Nepal detains five former ministers
By Gopal Sharma
KATHMANDU (Reuters) – Nepal on Friday detained five
ministers in the former royalist government, the state
television said, bowing to demands of pro-democracy activists
to act against those responsible for a crackdown on popular
King Gyanendra gave into last month’s mass demonstrations
against his absolute rule and handed power back political
parties after 17 people were killed and thousands injured in
State radio said police had picked up Kamal Thapa,
Rameshnath Pandey and Shris Shumsher Rana. Thapa was home
minister. Pandey and Rana held the foreign and information
Tanka Dhakal and Niksha Shumsher Rana, two other ministers
in the king’s cabinet, were also detained.
“They have been detained for 90 days and they are at being
held at a police academy in Kathmandu,” state TV said.
Officials could not be reached for comment but
pro-democracy activists have been demanding action against
royalist officials they say were responsible for the crackdown
on the protests.
A high-level panel is investigating the “excessive use of
force” by the royalist government during the anti-king
“The move (to detain ministers) could have been aimed at
satisfying the demands made by the protesters and help the
panel carry out its work,” said Rajendra Dahal, editor of the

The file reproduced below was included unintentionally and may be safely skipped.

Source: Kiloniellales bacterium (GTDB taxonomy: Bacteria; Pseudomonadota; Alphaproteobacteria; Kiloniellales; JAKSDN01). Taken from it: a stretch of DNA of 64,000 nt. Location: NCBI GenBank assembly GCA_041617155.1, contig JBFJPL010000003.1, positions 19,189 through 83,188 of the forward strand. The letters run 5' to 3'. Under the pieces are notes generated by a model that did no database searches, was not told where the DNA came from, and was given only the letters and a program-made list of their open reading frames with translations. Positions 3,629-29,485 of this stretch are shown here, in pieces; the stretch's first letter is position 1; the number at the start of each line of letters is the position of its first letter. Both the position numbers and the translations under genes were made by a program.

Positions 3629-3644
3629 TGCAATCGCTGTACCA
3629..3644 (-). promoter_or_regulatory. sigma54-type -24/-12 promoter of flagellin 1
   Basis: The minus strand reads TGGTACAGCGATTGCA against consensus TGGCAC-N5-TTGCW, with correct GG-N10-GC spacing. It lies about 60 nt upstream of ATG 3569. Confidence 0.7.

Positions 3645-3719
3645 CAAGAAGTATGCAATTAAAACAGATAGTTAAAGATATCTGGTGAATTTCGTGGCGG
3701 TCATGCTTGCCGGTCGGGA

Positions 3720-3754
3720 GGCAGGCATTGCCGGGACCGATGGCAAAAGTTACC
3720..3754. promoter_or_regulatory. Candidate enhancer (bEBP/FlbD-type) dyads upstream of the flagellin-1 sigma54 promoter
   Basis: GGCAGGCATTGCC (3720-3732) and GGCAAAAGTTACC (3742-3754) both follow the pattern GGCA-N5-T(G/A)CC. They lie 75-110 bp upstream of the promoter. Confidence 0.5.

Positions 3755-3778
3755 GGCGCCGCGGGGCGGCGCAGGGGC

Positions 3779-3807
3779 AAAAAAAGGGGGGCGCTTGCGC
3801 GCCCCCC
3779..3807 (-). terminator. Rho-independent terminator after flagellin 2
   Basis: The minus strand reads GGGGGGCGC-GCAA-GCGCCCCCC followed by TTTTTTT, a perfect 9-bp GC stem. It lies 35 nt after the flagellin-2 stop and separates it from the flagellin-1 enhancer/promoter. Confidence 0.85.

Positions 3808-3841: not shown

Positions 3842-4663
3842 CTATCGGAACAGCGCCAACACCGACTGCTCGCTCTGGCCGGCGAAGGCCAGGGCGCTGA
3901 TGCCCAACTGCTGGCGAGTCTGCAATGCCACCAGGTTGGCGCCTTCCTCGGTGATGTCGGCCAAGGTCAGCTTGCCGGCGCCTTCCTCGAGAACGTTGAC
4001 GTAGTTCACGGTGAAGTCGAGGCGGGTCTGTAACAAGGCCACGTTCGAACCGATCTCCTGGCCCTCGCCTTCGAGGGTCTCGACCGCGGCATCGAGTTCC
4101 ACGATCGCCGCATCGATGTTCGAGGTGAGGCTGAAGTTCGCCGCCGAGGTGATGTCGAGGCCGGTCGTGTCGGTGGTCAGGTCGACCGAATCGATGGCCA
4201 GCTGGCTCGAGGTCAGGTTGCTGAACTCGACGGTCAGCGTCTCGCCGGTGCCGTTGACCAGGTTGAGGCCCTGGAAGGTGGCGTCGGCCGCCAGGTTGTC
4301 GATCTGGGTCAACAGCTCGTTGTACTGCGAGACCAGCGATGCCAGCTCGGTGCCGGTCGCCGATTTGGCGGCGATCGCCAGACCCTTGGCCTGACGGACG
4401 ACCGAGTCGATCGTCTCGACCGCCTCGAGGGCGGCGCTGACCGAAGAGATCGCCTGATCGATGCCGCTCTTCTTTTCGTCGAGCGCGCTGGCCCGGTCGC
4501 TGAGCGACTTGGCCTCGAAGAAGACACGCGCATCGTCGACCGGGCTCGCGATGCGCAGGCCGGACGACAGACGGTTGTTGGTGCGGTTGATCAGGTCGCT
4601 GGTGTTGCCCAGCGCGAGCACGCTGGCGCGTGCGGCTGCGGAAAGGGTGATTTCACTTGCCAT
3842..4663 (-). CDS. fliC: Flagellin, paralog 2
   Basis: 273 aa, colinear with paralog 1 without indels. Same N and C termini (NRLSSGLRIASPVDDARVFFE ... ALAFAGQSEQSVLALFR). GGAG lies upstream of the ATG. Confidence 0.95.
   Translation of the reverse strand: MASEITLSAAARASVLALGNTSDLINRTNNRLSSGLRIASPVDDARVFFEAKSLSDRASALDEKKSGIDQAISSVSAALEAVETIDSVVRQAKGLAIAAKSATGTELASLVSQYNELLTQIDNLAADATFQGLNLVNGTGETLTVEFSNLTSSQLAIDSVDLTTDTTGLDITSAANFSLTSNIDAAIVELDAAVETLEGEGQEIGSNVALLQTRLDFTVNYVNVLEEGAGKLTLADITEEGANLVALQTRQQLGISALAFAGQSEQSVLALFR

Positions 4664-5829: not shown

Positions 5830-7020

news magazine, Himal.
On Friday, two senior Maoist leaders released from jail
urged Nepal’s new government to free hundreds of their jailed
comrades before starting peace talks to end a decade-long
Nepal’s government, which was formed last month, has agreed
a ceasefire with the Maoist rebels, and both sides have decided
to hold talks to end the revolt in which more than 13,000
people have been killed.
But Matrika Yadav and Suresh Ale Magar, who were released
on Thursday, said Maoist prisoners should be first be freed and
information provided about hundreds of others who they said had
disappeared after being detained by security forces.
“We will not sit for the talks until our comrades are
freed,” Magar told reporters, a day after being released
following two years in jail.
Yadav said there were 1,400 Maoist leaders or workers in
different jails, including 140 in neighboring India and four in
China. There was no immediate comment from the government.
The Maoists want to be included in an interim government
which would supervise elections for a special assembly to draw
a new constitution and decide the future of monarchy.
No dates for peace talks have yet been fixed, but Yadav
said he hoped they would be “conclusive” this time. Previous
talks between the Maoists and the government failed in 2001 and
The Maoists have been fighting since 1996 to set up
one-party communist rule in the Himalayan kingdom. But they now
say they will accept any constitution agreed to by the special